Three Types of Intelligence Augmentation: A Thought Experiment

Imagine watching a math competition. Three seemingly smart individuals compete on stage to answer a series of hard questions. The final result is a three-way tie.

Later you learn that these three individuals, who resemble each other externally, are actually very different on the inside.

The first individual is a math professor who’s spent his entire life studying the subject.

The second individual has only studied math up to the high school level. However, a revolutionary new smart drug has increased his brain functioning to the point that he can learn and master new math concepts as soon as he is exposed to them.

The third individual has no knowledge of math whatsoever. But a smart earpiece connected to the internet feeds him the right answers at lightning speed.

These three individuals are analogous to the three different types of intelligence augmentation. The first type, education, optimizes the existing brain for a particular task. The second, enhancement, upgrades the brain’s ability to master new tasks. And the third method, extension, offloads the task to an external module.

Interestingly, from an outsider perspective, the functional result of all three methods can appear to be the same. But the conscious experience of the individual in question is qualitatively different.

3 thoughts on “Three Types of Intelligence Augmentation: A Thought Experiment

  1. The agent that translates for me, or does my taxes, or any other information task can be any of the 3 for all I care, though I expect the associated costs will vary widely.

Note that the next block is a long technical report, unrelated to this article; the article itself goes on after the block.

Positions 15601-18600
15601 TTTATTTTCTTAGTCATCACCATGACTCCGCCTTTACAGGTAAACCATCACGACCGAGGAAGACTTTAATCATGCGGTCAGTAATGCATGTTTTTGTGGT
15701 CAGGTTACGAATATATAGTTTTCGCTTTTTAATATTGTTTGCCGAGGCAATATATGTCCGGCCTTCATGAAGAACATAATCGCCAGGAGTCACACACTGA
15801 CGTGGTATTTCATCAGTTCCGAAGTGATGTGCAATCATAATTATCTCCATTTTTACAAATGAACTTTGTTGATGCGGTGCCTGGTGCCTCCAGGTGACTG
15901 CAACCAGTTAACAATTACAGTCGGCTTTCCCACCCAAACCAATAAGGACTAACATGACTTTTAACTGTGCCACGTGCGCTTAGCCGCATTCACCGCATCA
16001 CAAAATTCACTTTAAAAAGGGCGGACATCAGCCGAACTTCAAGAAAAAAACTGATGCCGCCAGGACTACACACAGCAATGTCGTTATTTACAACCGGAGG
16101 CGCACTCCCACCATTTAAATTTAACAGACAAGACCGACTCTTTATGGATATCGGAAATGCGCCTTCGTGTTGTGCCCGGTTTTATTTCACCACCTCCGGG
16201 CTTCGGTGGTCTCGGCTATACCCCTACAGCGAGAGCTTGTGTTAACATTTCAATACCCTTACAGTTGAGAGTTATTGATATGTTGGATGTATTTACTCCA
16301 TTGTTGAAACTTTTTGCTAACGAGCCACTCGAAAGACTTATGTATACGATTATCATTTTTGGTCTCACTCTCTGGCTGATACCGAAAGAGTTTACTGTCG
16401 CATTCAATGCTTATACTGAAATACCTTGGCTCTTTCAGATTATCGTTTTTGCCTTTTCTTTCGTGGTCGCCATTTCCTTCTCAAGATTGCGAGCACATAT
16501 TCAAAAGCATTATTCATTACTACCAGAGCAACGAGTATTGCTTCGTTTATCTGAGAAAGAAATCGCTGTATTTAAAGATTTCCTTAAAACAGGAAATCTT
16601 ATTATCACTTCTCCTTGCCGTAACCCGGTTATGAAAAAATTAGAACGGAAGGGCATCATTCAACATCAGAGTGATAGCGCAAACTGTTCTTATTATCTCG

As for my conscious experience, give me type II, no question about it. A little bit of type III for incidentals, but for the most part, I’d be much happier actually learning things.

  2. I’m not sure that Type II would really feel like ‘learning’ though. It seems like the process of learning shapes who we are and allows each person’s ‘learning’ experience to be different. I think Type I is still important, but maybe augmented by the others. Type III doesn’t really feel like learning at all, but I think it is most likely to be the near future. Why memorise endless facts and figures when you can get them up almost instantaneously.
    Education needs to be about making the big links between all the knowledge, and that comes through learning and experience. ‘Knowing’ things is only part of the picture.

  3. I think Noah is correct; only the type-I individual is actually exhibiting direct intelligence – providing what we MEAN by intelligence. The other two are serving as “modem” devices and not functioning as intelligent agents themselves. Watching a brilliant chess game unfold is not the same as playing a brilliant chess game.